• The significant increase in lake water levels in the spring, which is slow to recede, adds to bank erosion by the waves. As the snow melts, the water level rises and makes the shorelines more vulnerable to wave action from winds and boats, particularly wake boats, at a time when sparser vegetation is less able to prevent erosion.
  • The "urbanization" of the riparian lands which results in the erosion of the banks and the increased supply of nutrients in the water. There are still several properties where the municipal by-laws incorporating the provisions of Interim Control By-law 2008-325 of the MRC de la Vallée-de-la-Gatineau (MRC) aiming to integrate the provisions related to the Protection policy of lakeshores, riverbanks, littoral zones and floodplains are not fully or partially complied with, particularly with respect to the prohibition of any vegetation control interventions in the shoreline.
  • The lack of awareness or the indifference to the health of our local environment of people who live in our watersheds or use our waterways. This takes a variety of forms - failure to comply with shoreline regulations, inadequate septic maintenance, boaters who drive recklessly or ignore yellow buoys, washing in the lake with soap, feeding the ducks, using fireworks close to the lake or leaving trash at ice-fishing sites - and requires constant efforts at awareness building and public education to foster more responsible behavior.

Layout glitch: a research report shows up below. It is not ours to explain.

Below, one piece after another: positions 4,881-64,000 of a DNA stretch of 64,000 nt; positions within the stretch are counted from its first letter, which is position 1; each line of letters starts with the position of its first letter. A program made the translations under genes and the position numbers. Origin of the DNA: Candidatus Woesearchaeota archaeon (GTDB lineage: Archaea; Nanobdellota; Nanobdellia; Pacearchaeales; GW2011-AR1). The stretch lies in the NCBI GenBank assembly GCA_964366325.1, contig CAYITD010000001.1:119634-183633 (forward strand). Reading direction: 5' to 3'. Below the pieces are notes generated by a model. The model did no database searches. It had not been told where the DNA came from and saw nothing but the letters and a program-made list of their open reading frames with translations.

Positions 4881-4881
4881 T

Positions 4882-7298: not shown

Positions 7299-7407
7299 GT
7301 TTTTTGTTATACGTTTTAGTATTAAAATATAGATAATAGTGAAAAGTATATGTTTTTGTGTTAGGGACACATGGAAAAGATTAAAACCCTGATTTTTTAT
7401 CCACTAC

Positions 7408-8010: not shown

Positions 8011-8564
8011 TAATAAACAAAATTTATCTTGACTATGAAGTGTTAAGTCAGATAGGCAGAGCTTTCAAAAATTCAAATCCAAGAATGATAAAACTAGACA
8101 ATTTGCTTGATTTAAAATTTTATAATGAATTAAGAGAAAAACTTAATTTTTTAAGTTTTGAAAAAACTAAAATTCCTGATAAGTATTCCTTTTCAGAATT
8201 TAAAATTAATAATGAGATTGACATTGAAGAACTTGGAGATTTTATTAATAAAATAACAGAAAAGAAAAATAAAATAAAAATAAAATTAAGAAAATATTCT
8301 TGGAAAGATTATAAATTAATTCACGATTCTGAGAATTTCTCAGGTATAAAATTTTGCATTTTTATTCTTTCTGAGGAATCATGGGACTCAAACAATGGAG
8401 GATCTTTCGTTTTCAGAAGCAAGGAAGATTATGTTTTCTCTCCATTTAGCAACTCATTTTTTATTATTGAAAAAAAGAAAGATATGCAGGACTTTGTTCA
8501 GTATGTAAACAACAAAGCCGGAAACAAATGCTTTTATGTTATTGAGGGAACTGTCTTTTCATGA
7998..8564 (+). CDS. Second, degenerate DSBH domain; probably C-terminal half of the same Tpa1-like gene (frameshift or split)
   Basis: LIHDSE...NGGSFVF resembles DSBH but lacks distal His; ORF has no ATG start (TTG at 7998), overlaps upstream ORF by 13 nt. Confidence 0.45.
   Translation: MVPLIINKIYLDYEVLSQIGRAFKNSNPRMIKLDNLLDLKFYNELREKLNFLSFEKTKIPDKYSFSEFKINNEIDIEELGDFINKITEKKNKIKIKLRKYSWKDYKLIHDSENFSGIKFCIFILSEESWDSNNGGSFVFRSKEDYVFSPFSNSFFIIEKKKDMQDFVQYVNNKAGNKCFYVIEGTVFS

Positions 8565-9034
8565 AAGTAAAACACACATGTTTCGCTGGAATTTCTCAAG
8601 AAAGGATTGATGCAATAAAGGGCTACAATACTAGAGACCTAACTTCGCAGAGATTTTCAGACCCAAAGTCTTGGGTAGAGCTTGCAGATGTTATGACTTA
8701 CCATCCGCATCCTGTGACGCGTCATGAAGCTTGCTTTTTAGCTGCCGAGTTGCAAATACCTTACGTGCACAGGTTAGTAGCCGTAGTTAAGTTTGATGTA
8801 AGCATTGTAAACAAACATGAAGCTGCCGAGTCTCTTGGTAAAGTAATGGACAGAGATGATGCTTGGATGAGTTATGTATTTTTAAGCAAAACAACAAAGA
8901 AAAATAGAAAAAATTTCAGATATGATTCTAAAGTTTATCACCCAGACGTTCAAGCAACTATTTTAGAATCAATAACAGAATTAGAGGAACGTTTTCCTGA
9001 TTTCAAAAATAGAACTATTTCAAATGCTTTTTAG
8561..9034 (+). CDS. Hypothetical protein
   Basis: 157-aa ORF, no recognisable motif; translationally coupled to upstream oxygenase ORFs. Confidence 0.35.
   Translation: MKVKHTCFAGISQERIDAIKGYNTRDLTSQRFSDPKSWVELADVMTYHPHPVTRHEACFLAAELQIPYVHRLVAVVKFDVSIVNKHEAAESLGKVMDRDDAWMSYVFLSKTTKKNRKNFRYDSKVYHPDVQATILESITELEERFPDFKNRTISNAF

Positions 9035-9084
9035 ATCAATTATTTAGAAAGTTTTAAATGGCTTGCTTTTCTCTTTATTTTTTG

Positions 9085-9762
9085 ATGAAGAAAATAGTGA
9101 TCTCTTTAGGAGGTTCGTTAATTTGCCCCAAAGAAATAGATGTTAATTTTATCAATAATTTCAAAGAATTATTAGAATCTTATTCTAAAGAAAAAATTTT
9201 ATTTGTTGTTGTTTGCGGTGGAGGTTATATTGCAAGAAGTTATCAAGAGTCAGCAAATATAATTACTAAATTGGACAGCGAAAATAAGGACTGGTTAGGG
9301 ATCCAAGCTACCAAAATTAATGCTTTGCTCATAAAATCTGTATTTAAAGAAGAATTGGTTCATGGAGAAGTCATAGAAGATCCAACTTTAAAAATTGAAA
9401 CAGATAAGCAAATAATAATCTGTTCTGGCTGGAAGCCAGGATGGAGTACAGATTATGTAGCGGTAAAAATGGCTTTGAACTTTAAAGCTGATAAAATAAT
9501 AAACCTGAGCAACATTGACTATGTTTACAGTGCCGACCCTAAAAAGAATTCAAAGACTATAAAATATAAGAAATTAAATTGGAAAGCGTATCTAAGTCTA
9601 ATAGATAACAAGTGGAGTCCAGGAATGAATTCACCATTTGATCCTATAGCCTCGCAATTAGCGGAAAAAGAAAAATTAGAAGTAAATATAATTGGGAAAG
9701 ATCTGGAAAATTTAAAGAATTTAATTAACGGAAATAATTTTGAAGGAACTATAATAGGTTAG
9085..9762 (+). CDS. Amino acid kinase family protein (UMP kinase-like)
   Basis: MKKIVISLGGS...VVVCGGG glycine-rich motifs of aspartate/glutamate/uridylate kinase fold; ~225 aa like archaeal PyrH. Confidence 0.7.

Strategic Orientation

The purposes in our Supplementary Letters Patent define four major areas of intervention. This is what characterizes the strategic orientations of the Association's interventions to be expected over the next few years; these areas of intervention can be summarized as follows:

  • Information: educate and raise awareness of the importance of water protection and sanitation through the production and dissemination of information in various forms;
  • Monitoring: Ensuring the sustainability of the water resource and its uses in the Blue Sea Lake and Blue Sea Creek watersheds by conducting a water sampling program and publishing the results of the data collected;
  • Action: Contribute to the protection of the Blue Sea Lake and Blue Sea Creek watersheds through targeted actions to identify, locate and eventually eradicate invasive species, including support for our partners' efforts in this regard.
  • Funding: For these purposes, solicit, receive and administer funds obtained in the form of donations or other sources to support the activities of the Association.

Strategic Plan

The strategic plan sets out the proposals of the Board of Directors that will dictate the actions of the Association in the coming years. The plan is structured according to the four main areas previously identified.